COPENHAGEN, Denmark — Danish regulators said Thursday that there were "serious shortcomings" in the anti-money laundering operations of Danske Bank' activities in Estonia, following reports this year of money flows from family members of Russian President Vladimir Putin.
The authority's head, Jesper Berg, says Danske Bank "responded too late to information" about lacking money laundering measures "and suspicions of customer crime."
Danske Bank was given eight orders and eight reprimands that the bank must fulfill by June 30. Denmark's Financial Supervisory Authority says the way the management handled the case has damaged the bank's reputation.
In February, Denmark's Berlingske daily said a leaked internal Danske Bank report indicated that the management knew "of far more serious conditions than previously stated," and that family members of Putin and Russia's spy agency were using its Estonian branch for money laundering.
The paper added that Danske Bank in 2013 shut down 20 Russian customer accounts following a whistleblower report alleging that its Estonian branch possibly had been involved in illegal activity. The clients' identities were kept secret at the time.
The paper shared details of the scheme with the Organized Crime and Corruption Reporting Project, a group of anti-corruption reporters, and Britain's Guardian newspaper.
Danske Bank said it had earlier concluded that it was not sufficiently effective in preventing the branch in Estonia from potentially being used for money laundering during the period 2007-2015, adding "this was due to critical deficiencies in governance and controls."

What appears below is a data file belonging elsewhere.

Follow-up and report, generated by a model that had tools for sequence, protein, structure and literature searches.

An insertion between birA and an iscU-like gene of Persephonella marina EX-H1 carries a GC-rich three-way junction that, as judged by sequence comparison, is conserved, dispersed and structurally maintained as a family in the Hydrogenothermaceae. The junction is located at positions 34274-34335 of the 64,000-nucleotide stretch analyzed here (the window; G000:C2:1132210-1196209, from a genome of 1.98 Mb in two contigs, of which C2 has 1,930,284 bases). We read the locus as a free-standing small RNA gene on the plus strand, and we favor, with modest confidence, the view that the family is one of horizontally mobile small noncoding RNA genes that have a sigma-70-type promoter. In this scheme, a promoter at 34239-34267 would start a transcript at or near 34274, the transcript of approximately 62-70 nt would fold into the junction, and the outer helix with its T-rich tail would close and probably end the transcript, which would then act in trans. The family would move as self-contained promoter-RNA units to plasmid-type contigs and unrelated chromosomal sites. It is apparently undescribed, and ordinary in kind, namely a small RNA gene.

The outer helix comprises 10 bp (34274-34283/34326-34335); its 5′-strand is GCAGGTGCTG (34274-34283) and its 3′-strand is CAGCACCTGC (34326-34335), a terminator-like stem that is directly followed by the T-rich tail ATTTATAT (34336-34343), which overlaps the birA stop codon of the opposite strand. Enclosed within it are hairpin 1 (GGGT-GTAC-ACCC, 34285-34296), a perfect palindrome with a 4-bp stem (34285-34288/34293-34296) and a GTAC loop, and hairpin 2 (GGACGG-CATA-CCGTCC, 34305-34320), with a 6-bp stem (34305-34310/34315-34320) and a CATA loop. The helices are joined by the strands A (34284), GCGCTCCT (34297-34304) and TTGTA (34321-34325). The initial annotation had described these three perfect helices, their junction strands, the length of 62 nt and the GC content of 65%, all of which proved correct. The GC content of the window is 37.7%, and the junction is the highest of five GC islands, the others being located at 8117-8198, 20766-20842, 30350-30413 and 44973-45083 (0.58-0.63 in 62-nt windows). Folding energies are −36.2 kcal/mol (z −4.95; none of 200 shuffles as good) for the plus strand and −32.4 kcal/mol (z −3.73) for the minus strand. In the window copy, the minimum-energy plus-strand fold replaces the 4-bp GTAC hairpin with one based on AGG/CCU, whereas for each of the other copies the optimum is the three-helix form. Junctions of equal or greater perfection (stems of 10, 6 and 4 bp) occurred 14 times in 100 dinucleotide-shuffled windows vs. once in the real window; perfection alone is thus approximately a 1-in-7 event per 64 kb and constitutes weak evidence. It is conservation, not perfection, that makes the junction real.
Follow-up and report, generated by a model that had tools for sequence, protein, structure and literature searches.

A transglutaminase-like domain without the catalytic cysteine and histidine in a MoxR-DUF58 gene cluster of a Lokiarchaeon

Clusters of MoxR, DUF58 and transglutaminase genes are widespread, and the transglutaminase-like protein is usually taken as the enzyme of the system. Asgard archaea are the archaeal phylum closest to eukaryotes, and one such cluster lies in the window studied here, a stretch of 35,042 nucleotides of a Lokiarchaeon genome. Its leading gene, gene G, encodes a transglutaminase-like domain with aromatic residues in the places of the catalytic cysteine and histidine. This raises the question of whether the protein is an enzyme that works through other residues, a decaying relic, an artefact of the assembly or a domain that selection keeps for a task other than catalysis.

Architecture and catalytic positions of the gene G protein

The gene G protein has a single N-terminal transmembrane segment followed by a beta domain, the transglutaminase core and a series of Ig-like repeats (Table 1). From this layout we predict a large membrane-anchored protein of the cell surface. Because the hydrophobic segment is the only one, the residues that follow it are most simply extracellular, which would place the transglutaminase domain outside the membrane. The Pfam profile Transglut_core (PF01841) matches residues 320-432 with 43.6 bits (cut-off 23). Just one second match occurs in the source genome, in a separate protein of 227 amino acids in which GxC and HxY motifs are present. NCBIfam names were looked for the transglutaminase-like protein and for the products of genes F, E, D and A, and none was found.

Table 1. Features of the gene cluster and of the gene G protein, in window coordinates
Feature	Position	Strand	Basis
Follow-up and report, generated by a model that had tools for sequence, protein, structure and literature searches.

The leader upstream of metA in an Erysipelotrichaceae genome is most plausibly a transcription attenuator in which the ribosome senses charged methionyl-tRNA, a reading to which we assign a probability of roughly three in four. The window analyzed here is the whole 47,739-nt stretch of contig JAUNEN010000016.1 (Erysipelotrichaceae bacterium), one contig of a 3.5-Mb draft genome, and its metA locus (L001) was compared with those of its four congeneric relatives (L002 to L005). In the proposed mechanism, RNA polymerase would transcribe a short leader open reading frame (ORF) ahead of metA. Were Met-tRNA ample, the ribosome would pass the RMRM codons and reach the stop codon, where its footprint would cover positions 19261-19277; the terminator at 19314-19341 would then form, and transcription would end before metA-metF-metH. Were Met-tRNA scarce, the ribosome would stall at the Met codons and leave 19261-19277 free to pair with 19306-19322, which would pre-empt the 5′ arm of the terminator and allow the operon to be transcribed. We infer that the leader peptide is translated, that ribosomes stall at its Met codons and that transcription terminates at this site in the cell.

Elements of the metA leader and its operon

"We should have reacted faster and more forcefully," said Danske Bank's chief executive, Thomas F. Borgen. "We need to ensure that it cannot happen again."
Danske Bank said it began investigating its Estonian branch in the autumn of 2017, including a review of customers and transactions, that is expected to be completed by September at the latest.
Last week, Danske Bank said it would scale down its business in the Baltic countries, shortly after Estonia's Financial Supervision Authority voiced similar criticism.
Estonia's financial watchdog had said it suspected Danske Bank's local branch of misleading authorities, adding the agency made inspections at the branch in 2014, during which it found what it called extensive and systematic violations of anti-money laundering rules. It also launched a new investigation that hasn't been completed yet.